A scoring system using points, where the winner accumulates the highest number of points over the course of a round. Stableford points are awarded as 1 point for one stroke over a fixed score, perhaps par, on a hole; 2 points for the fixed score; 3 points for one stroke under the fixed score; 4 points for two strokes under the fixed score; etc. There are "modified" Stableford scoring techniques, like that used in the International Tournament on the PGA Tour, which award points (or loss of points) for various scores over or under a fixed score. See full article at Stableford* Stroke Play: see Medal Play.

Stroke Some Balls
Hit balls at a driving range or play a relaxed round of golf.

To block another player's putting path to the hole with one's own ball. Now an anachronism since the rules permit marking the spot of the ball on the green, thus allowing the other player to putt into the hole.

The location on the clubface where the optimal ball-striking results are achieved.

The movement a golf player makes with his/her club to hit the ball. A golf swing is made up of a series of complex mechanical body movements. A perfect golf swing is regarded as the "holy grail" of the sport, and there are many approaches as to how to achieve "perfection".

Talking Golf, Golf Etiquette
Generally requires that in consideration for other players (usually, but not necessarily, in your group) that no disturbance or distraction be made that: players should always show consideration for other players on the course and should not disturb their play by moving, talking or making unnecessary noise. And that: players should ensure that any electronic device taken onto the course does not distract other players. "Talking golf" is where the group all agrees to not stop the conversation that occurs as the round is played, provided that the conversation is not intended to interfere with the player actually playing his ball. Therefore players must concentrate a little more, and good conversation and "talking golf" can ensue.

A ball that has come to rest very close to the hole, leaving only a very short putt to be played. Often recreational golfers will "concede" tap-ins to each other to save time.

The straight line from the ball to its intended target, also extended backward past the golfer's rear foot.

(Piece of equipment): a small peg - made of wood or plastic - placed in the teeing ground, upon which the golf ball may be placed prior to the first stroke on a hole. Tee box: (part of the course): the specially prepared area, usually grass, from which the first stroke for each hole is made (teeing ground in official terminology).

Tee Time
Starting time for a round of golf.

The duration of a player's swing from first movement to ball strike. Ideally, the swing should be like a metronome, with an evenly paced transition from backswing to downswing.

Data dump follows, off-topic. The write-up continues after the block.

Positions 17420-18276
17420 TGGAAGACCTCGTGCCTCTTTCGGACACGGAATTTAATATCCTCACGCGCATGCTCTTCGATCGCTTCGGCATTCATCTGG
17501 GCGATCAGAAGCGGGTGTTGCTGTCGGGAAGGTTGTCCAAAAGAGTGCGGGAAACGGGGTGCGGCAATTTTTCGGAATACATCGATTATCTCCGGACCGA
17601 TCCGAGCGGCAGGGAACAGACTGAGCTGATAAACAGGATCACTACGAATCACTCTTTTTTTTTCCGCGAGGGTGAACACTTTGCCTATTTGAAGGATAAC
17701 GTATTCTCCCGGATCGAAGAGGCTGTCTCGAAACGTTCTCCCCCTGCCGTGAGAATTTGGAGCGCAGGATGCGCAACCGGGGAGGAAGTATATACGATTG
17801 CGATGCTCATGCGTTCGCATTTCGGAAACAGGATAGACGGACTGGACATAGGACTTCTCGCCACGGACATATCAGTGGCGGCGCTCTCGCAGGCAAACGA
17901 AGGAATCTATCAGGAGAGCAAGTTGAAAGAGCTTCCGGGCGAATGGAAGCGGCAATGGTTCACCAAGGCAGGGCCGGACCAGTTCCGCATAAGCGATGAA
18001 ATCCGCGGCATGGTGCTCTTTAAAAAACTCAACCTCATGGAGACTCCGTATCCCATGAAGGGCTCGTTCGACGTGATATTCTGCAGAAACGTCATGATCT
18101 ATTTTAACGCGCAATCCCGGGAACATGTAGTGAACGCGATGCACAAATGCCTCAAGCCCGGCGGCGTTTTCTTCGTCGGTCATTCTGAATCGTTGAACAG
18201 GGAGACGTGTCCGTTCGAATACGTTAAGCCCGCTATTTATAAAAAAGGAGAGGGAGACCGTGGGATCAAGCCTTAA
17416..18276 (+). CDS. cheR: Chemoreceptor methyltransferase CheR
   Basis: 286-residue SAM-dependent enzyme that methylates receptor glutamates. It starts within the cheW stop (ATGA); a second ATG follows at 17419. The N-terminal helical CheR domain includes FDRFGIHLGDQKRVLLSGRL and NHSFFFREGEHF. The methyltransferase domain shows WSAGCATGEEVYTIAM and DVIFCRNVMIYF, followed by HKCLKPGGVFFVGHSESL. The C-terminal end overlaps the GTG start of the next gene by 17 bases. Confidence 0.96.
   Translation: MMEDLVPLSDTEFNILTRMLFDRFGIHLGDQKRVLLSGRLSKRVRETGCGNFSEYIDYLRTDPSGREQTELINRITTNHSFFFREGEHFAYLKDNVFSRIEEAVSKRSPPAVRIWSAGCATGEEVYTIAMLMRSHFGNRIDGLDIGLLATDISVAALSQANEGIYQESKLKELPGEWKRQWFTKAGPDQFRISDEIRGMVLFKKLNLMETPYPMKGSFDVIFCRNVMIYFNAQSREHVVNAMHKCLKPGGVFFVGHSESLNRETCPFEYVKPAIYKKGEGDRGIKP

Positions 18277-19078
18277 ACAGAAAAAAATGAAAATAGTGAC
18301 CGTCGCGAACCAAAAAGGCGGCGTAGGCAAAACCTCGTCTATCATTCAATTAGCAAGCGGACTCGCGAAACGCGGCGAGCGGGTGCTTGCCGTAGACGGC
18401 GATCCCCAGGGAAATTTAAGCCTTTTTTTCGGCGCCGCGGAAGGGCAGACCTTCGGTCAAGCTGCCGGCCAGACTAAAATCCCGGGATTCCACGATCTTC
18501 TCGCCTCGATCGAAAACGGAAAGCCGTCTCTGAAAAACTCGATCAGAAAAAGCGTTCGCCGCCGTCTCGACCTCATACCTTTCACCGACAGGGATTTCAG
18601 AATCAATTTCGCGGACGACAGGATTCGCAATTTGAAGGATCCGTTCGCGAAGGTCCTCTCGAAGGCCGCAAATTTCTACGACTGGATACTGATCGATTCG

Thin Shot
A poor shot where the club head strikes too high up on the ball, resulting in a shallow flight path. Also known as "skulling" or "blading" the ball.

Game where one player plays against 2 players with each “team” using their own ball.

Through Line
When putting, the imaginary path that a ball would travel on should the putted ball go past the hole. Usually observed by PGA players and knowledgeable golfers when retrieving or marking a ball around the hole.

Through the Green
The entire area of the golf course, except for the teeing ground and the green of the hole that is being played and all hazards on the course.

An errant shot where only the upper half of the golf ball is struck, causing the ball to roll or bounce rather than fly.

Set of wheels and frame for carrying a player’s golf bag (may be electric).

A player can declare his ball unplayable at any time when it is in play (other than at a tee), and can drop the ball either within two club-lengths, or further from the hole in line with the hole and its current position, or where he played his last shot. A penalty of one stroke is applied. A ball declared unplayable within a hazard must be dropped within that hazard.

Up and Down
When a player holes the ball in two strokes starting from off the green. The first stroke, usually a "pitch", a "bunker shot" or a "chip", gets the ball 'up' onto the green, and the subsequent putt gets the ball 'down' into the hole. (var.) "up and in".

Vardon Grip
Grip style in which (for right-handed players) the right pinkie finger rests on top of the left index finger. Also known as the "overlapping grip," most golfers grip with this style. It is named after Harry Vardon, a champion golfer of the early 20th century.

A type of metal headed golf club with more loft than a number 9.

An attempt to strike the ball where the player fails to make contact with the ball. A whiff must be counted as a stroke.

A type of club where the head is generally bulbous in shape except for the clubface. Named because the head was originally made of wood, although almost all are now metal.

A type of club where the head is generally bulbous in shape except for the clubface and used for hitting long distances. Named because the head was originally made of wood, although almost all are now metal.

Official measurement used for the length of each hole. 100 yards is 0.91 metres.

(Or the yips): a tendency to twitch during the putting stroke. Some top golfers have had their careers greatly affected or even destroyed by the yips; prominent golfers who battled with the yips for much of their careers include Sam Snead, Ben Hogan, and, more recently, Bernhard Langer.

A ball hit high and hard